Using a unique data set based on factory audits of working conditions in over 800 of Nike’s suppliers in 51 countries, this paper seeks to explore whether or not monitoring for compliance with corporate codes of conduct — currently the principal way both global corporations and labour rights non-governmental organizations (NGOs) address poor working conditions in global supply chain factories — actually leads to remediation in terms of improved working conditions and enforced labour rights. The evidence presented suggests that notwithstanding the significant efforts and investments by Nike and its staff to improve working conditions among its suppliers, monitoring alone appears to produce only limited results. Instead, our research indicates that when monitoring efforts are combined with other interventions focused on tackling some of the root causes of poor working conditions — by improving the ability of suppliers to better schedule their work and improve their quality and efficiency — working conditions appear to significantly improve. This suggests that the current (highly polarized) debates over monitoring and labour standards need to be recast and new, more systemic approaches towards tackling these problems need to be pursued.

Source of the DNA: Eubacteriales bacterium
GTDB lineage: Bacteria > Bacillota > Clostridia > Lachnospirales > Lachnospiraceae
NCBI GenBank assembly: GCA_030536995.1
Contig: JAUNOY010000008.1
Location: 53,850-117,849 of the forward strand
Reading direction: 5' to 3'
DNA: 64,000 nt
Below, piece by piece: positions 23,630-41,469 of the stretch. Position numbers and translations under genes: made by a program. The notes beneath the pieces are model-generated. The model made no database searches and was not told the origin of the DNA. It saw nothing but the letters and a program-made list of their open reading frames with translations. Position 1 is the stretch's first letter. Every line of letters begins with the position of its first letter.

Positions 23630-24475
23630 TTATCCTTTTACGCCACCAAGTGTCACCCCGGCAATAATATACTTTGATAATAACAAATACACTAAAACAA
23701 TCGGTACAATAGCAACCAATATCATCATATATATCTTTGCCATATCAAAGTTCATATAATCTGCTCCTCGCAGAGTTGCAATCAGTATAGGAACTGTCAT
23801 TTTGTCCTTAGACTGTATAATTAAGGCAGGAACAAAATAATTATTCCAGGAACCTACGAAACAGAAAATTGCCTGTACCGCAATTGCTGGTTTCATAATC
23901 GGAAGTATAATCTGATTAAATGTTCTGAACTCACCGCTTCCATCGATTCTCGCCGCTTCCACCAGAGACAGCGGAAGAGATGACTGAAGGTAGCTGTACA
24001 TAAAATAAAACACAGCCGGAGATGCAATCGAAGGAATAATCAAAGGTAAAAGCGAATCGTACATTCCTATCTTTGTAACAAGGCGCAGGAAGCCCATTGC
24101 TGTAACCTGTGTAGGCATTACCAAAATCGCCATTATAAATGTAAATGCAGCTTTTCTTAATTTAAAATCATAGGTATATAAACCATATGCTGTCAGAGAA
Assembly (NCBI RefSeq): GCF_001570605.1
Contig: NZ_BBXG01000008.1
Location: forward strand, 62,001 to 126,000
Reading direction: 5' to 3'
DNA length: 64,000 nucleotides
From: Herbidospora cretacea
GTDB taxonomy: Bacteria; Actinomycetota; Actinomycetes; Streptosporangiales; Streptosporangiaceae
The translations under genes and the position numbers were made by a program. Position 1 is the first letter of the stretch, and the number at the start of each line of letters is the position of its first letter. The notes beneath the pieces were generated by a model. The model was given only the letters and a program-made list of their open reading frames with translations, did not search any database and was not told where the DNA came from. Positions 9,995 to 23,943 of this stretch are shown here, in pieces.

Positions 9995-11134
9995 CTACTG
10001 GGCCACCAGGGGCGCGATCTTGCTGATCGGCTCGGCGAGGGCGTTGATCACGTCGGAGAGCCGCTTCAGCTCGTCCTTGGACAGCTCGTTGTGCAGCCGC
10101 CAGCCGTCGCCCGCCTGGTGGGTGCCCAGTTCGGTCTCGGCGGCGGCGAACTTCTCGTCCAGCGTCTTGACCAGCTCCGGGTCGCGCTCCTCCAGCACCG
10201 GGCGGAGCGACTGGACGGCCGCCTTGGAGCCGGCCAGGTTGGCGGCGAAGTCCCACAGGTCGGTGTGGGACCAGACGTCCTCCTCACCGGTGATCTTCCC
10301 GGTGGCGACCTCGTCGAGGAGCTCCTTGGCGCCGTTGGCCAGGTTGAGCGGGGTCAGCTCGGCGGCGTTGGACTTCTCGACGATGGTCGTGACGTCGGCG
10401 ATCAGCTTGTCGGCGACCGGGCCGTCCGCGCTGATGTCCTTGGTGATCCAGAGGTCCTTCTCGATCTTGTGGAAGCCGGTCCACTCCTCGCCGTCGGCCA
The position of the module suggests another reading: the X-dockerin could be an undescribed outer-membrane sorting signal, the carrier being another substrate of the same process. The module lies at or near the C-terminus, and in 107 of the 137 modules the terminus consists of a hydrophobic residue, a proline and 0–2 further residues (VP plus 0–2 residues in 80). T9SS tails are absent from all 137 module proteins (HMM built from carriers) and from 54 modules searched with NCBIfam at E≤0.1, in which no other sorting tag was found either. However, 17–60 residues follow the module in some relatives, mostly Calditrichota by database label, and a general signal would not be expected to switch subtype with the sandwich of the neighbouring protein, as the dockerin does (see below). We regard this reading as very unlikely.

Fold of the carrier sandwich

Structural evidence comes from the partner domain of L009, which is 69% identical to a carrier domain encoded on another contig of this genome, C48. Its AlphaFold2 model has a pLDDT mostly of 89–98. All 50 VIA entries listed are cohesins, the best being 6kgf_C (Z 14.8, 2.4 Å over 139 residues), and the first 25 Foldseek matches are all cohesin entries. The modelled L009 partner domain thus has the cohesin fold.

Does monitoring improve labour standards? Lessons from Nike DOWNLOAD














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